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CANNES 2013 Competition

Heli: 'You will know hell'

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- For his first selection in competition, Mexican director Amat Escalante signs his name to a fascinating film, coproduced by the Netherlands, Germany, and France

Heli: 'You will know hell'

Europe loves filmmakers from the rest of the world, and coproduces or produces artistically ambitious works from all the other continents. This trend is clearly showcased in all the various selections of the 66th Cannes Film Festival and perfectly illustrated by the competition's opening film, the very good Heli [+see also:
trailer
film profile
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 by Mexican director Amat Escalante (aged 34), a rigorous feature film making no concessions, with very beautiful formal mastery, coproduced by the Dutch company Lemming Film, French company Le Pacte and Unafilm of Germany.

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We have seen a plethora of stories about “narco-traffickers” over the past few years, but they are quite rarely approached by directors with deeper visions than that of portraying straightforward gunfights dramatized to excess, or convoluted plots (in the style of Miss Bala). Drawing on the terrifying reality of Mexico, now well-known with its endless parade of drug trafficking, corruption, beheadings etc., Amat Escalante undertakes a subtle analysis of social processes and the impact of this toxic atmosphere on the young generation. Delving into the life of an ordinary family from a small town a few hours' drive from the capital with a quasi-documentary style, but directing with great cinematographic mastery, the filmmaker depicts a pitiless portrait of violated innocence, the endless cycle of violence and of life which continues despite it all, in an environment where death can rear its head at any time.

Heli (Armando Espitia) works nights in a car factory. He lives with his father (who works in the same plant), his wife and their baby, and his young sister Estella. His life can be summarized as going to work on his bike, working on the chain, going home, eating on the couch in front of television and attempting to make love to his wife who pushes him away (she would like to return to the region where her family lives). This theme of frustration, a source of disruption, is not insignificant, as the other protagonists in the film are paramilitary police forces who swing between the massive destruction of illegal products (22 tons of marijuana and seven of cocaine are burnt with great pomp and ceremony) and their own trafficking. A source of wealth which tempts Alberto (17 years old) who is studying (with great effort and humilitiation) in order to join the special forces. Because he is in love with Estella, it is in her house that he hides two packs of cocaine stolen from the traffickers’ hideout. Heli discovers the scheme and gets rid of the drugs, but it is too late. Masked commandos arrive, kill his father and take him, Estella, and Alberto away. After a scene of sadistic torture (administrated at times by teenagers who abandon their video games to try their hand in the real world), Alberto is hanged to set an example, Heli is released in pretty bad shape and Estella has disappeared. Life gradually goes back to its routine in a slightly paranoid atmosphere (fuelled by the police enquiry) until the moment Estella reappears, pregnant and mute…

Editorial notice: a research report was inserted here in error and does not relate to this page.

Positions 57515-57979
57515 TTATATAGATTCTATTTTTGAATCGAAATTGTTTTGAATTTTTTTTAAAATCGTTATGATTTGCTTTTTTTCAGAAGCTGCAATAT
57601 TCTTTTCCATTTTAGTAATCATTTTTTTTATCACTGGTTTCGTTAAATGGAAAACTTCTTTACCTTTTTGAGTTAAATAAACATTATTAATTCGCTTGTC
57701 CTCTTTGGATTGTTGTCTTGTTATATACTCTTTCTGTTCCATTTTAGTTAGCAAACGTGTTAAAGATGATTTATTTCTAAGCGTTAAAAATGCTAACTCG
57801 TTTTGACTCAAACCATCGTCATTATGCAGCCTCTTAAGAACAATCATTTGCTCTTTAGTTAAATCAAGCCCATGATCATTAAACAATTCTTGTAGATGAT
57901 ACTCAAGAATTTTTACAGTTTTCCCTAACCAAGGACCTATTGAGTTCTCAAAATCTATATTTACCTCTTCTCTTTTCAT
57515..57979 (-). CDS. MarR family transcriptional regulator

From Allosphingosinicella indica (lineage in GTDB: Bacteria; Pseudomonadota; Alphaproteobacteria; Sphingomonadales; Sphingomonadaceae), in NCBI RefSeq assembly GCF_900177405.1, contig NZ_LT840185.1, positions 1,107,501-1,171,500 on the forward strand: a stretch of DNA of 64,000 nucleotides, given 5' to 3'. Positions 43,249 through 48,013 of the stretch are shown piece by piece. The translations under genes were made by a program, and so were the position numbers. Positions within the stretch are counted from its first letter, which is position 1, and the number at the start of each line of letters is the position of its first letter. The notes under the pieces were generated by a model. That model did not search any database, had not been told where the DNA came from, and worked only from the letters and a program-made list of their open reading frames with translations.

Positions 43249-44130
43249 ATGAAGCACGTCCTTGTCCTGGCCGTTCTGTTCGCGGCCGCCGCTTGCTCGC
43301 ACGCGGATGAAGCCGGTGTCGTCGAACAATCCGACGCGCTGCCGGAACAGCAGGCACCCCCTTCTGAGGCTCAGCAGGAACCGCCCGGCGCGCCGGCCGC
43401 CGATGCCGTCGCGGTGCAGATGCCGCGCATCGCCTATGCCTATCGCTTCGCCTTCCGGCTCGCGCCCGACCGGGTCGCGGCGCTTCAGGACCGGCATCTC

With a very intense opening scene and punctuated by a few shocking sequences (but much less so than what the summary of the story might suggest), Heli is a film benefiting from superb direction. Fixed and reverse-angle shots play particularly well with the out-of-field, and slow movements of the camera stretch out the most striking episodes at an ideal pace. As a kind of slice of life of one Mexican family amongst many others, the film also gives much food for thought about the influence of images (TV, games) in a country where criminal chaos with invisible boundaries rules government departments, poisoning minds and giving the most mundane life a flavour of survival on the brink of hell. 

 

(Translated from French)

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